(b) Trujillo also contends the State failed to prove that the net weight of the marijuana seized was ten pounds or more as required by OCGA § 16-13-31(c).  To the contrary, the evidence authorized the court to find beyond a reasonable doubt that the marijuana weighed more than ten pounds, the amount Trujillo was accused of possessing in the indictment.

As the record shows, the duffel bags and their contents weighed 50 pounds.   A deputy testified that the marijuana alone was “[o]bviously well over ten pounds” and that the nylon duffel bags were light.   The court gave Trujillo an opportunity to weigh the contraband in court, but he declined.   The court observed the duffel bags and the contents of the bags and made a finding of fact that the marijuana, outside of the bags, weighed “at least 10 pounds.”

 While the amount of contraband confiscated, like any other element of the offense, must be proved by the State beyond a reasonable doubt, it does not have to be proven with mathematical certainty.   In fact, an estimate of weight based upon reasonable factors can suffice.   See Evans v. State, 176 Ga.App. 818, 822(2), 338 S.E.2d 48 (1985) (gross weight of marijuana could be estimated based on number of and maturity of marijuana plants seized, the photographic evidence, and expert and eyewitness testimony submitted at trial).   Here, it was not unreasonable for the court to conclude that two lightweight nylon duffel bags and some plastic wrap weighed less than forty pounds.   Consequently, we find that a rational trier of fact could have found proof beyond a reasonable doubt that the amount of marijuana seized from Trujillo was at least the equivalent of the amount charged, ten pounds.  Id.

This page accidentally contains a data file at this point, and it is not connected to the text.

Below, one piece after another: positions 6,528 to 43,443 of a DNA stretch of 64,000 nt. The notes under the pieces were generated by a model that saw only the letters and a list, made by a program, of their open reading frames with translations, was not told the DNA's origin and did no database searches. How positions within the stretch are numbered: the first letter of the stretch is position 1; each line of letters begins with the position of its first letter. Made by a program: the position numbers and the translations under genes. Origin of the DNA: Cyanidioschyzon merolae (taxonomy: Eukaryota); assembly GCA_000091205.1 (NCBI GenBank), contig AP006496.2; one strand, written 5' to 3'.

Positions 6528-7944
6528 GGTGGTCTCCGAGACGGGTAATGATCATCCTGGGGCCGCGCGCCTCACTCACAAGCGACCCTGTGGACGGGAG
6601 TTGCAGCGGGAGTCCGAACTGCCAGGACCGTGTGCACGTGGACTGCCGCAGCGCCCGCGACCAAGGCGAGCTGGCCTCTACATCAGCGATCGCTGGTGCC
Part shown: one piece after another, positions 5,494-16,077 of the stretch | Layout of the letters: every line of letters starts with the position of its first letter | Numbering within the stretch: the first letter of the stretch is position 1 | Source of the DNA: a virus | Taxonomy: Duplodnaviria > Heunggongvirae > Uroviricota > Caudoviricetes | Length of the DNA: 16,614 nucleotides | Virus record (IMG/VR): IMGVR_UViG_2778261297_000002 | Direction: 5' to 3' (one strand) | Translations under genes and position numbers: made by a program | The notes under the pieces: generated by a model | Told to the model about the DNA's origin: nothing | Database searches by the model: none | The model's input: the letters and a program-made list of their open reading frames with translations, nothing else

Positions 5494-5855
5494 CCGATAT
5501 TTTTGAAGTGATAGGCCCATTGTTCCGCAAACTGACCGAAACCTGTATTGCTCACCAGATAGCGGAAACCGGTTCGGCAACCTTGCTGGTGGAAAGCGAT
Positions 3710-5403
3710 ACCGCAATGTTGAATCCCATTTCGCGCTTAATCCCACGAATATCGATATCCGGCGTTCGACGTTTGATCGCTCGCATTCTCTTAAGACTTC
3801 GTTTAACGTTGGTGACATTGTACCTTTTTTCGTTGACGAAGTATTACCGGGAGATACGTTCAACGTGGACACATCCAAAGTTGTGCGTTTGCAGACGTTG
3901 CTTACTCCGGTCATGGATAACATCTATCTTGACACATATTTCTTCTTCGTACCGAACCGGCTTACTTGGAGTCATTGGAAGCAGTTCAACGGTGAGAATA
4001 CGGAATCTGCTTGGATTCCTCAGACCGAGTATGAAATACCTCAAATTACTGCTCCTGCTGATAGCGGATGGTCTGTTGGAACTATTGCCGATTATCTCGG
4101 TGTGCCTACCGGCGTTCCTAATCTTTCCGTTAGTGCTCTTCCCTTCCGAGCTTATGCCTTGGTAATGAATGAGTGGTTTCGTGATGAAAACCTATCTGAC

2. Trujillo also contends the court erred in denying his motion to suppress the marijuana.2  Where, as here, the evidence at a hearing on a motion to suppress is uncontroverted and no question of credibility is presented, we review the trial court's application of the law to undisputed facts de novo.   Vansant v. State, 264 Ga. 319, 320(1), 443 S.E.2d 474 (1994).   This Court's responsibility in reviewing the trial court's decision on the motion to suppress is to ensure that there was a substantial basis for the trial court's decision.  State v. McFarland, 201 Ga.App. 495, 411 S.E.2d 314 (1991).

 (a) Trujillo contends the deputy's decision to stop him “for the hose violation was a calculated ruse to search for drugs.”   In this case, Trujillo stipulated that he was in violation of the law when stopped.   As we have held, “[e]ven if the officer witnessed only a minor traffic violation, a motion to suppress on the ground that the stop was pretextual must fail.”   (Footnote omitted.)  Green v. State, 282 Ga.App. 5, 7(1), 637 S.E.2d 498 (2006).   Consequently, this claim of error is without merit.

(b) Trujillo contends his consent to search was coerced because it was obtained during a custodial interrogation and without the benefit of Miranda3 warnings.   The record reveals that the deputy asked for and received consent to search Trujillo's truck during a valid traffic stop and while the deputy was in the process of writing Trujillo a warning.   There is no evidence in the record before us that the deputy's questioning unduly prolonged the traffic stop, resulting in an unauthorized seizure of Trujillo's person or an equivalent custodial detention for which Miranda warnings were required.   Under these circumstances, there was no Fourth Amendment violation.   See Salmeron v. State, 280 Ga. 735, 736-739(1), 632 S.E.2d 645 (2006).   We find no error.

Judgment affirmed.


1.   The videotape was not submitted into evidence, however, at trial.   Further, Trujillo did not request that a copy of the tape be made a part of the record on appeal pursuant to Court of Appeals Rule 21.

2.   Trujillo also enumerates as error the court's ruling following a Jackson-Denno hearing.   However, the substance of his argument on this alleged error pertains to the length and propriety of Trujillo's detention and not on the voluntariness of his statements.   Thus, we will treat it as a continuation of Trujillo's challenge to the court's ruling on the motion to suppress the marijuana evidence.

3.   Miranda v. Arizona, 384 U.S. 436, 86 S.Ct. 1602, 16 L.Ed.2d 694 (1966).


ANDREWS, P.J., and ADAMS, J., concur.